BP, Sempra to invest $1B in wind farms

While BP dismantles its unprofitable solar business, the oil company has upped its investment in wind energy.

BP is dismantling its solar business . But that doesn't mean the oil company has turned its back on all of its renewable energy interests. BP Wind Energy and Sempra U.S. Gas & Power announced this week plans to investment more than $1 billion to develop wind farms in Kansas and Pennsylvania.

Both projects will use GE wind turbines and are expected to be in commercial operation by the end of the year. In fact, they'll have to be if the wind power developers hope to secure tax credits expected to expire at the end of 2012.

Construction on the Mehoopany Wind Farm in Wyoming County, Pennsylvania began in November 2011 and will generate 141megawatts of energy once completed. Old Dominion Electric Cooperative and Southern Maryland Electric Cooperative have secured contracts to buy power from the wind farm.

The considerably larger Flat Ridge 2 Wind Farm will be built on a 66,000-acre site southwest of Wichita, Kansas. The 419-MW project will use 262 GE wind turbines. Associated Electric Cooperative Inc. and Southwestern Electric Power Company, a unit of American Electric Power have contracts to buy power from Flat Ridge. A third, currently unnamed utility also has secured a contract, according to an announcement.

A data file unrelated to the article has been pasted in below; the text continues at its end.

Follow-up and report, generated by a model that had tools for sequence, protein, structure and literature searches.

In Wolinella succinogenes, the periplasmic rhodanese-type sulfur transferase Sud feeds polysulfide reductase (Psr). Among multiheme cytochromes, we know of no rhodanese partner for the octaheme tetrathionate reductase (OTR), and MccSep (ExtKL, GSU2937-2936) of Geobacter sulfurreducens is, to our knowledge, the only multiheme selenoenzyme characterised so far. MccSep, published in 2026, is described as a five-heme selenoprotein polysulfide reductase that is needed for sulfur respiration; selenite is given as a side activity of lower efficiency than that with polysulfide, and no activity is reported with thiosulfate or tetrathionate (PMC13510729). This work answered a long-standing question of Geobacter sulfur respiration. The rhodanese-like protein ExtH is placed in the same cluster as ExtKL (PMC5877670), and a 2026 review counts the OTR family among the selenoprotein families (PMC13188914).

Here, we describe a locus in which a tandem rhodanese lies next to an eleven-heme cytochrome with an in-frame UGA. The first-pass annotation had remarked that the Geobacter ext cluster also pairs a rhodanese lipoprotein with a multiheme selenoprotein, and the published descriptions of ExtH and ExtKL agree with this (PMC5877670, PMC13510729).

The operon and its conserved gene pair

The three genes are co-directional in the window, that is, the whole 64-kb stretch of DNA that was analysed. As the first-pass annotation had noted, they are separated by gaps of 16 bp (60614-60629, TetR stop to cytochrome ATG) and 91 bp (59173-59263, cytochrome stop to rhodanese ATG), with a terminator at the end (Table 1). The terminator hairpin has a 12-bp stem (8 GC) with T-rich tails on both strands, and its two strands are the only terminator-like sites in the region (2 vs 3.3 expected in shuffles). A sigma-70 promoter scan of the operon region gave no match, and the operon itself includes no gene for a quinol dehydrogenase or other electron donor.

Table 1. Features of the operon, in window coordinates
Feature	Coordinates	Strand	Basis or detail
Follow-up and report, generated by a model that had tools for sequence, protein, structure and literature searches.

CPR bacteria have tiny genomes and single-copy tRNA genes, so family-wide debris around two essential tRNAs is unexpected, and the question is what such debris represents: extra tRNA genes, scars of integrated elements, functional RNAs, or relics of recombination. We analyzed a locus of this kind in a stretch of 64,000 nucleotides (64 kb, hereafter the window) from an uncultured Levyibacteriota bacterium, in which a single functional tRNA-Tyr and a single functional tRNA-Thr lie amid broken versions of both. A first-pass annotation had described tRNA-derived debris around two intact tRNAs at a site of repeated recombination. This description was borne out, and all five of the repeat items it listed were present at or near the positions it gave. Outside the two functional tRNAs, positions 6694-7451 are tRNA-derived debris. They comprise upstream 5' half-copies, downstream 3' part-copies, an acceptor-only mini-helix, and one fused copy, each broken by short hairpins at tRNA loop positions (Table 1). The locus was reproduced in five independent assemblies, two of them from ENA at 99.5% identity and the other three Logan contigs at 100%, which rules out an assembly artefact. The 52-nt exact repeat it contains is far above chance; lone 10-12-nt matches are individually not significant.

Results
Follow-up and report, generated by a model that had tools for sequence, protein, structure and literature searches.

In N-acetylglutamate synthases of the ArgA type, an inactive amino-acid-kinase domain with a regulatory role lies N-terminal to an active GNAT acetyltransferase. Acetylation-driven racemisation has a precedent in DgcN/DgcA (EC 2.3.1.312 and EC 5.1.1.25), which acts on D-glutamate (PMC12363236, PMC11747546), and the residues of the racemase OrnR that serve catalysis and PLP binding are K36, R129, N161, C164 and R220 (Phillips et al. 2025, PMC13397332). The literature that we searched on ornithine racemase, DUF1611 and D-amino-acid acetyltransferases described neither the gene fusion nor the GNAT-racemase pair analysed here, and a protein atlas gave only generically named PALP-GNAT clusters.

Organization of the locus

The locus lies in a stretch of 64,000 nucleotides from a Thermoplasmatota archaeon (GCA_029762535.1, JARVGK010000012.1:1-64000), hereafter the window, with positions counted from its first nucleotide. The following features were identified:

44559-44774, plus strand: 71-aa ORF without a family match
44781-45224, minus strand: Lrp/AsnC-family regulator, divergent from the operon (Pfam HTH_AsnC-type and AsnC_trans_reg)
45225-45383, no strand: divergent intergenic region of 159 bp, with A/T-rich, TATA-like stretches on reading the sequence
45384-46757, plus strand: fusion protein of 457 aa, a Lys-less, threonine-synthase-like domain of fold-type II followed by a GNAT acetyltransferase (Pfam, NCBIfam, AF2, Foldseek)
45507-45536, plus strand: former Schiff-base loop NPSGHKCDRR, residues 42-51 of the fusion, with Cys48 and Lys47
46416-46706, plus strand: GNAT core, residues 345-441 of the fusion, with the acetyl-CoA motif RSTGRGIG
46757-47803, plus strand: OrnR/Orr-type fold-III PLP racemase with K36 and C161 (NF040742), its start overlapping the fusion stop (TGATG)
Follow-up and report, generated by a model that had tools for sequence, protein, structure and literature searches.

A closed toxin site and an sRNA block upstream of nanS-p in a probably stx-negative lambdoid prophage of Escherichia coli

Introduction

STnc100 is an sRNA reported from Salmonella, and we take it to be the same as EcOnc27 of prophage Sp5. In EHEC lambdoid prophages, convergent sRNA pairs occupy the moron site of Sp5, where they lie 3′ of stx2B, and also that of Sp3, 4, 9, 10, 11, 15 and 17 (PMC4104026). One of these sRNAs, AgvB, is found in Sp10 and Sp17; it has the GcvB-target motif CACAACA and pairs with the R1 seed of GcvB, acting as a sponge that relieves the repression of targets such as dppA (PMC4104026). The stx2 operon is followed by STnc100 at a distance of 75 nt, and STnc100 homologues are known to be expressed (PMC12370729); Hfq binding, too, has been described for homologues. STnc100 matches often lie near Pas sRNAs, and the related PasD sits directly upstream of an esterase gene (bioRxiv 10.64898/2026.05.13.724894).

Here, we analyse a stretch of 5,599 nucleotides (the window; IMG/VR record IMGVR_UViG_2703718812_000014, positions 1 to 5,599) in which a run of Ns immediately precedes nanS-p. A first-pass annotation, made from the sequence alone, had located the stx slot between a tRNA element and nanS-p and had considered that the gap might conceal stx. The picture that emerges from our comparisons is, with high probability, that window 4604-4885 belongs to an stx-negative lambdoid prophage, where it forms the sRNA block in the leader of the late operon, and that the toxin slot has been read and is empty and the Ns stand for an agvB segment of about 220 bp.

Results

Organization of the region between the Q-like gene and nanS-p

BP owns and operates 13 wind farms. The company will be the operator of the Flat Ridge and Mehoopany projects as well.  While the company continues to invest in wind, it's exiting solar. Last month, BP Solar announced it would shut down its 40-year-old business because it's no longer profitable. Signs of BP Solar’s demise began in early 2009 when the company decided to stop most of its manufacturing. At the time, the company closed several of its factories in Spain and cut 480 jobs after the once-booming Spanish solar market cracked as the government pulled back its generous incentives. BP decided in July to stop manufacturing entirely and centered its efforts on developing large projects.

Photo: Flickr user Jeff Kubina, CC 2.0

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This post was originally published on Smartplanet.com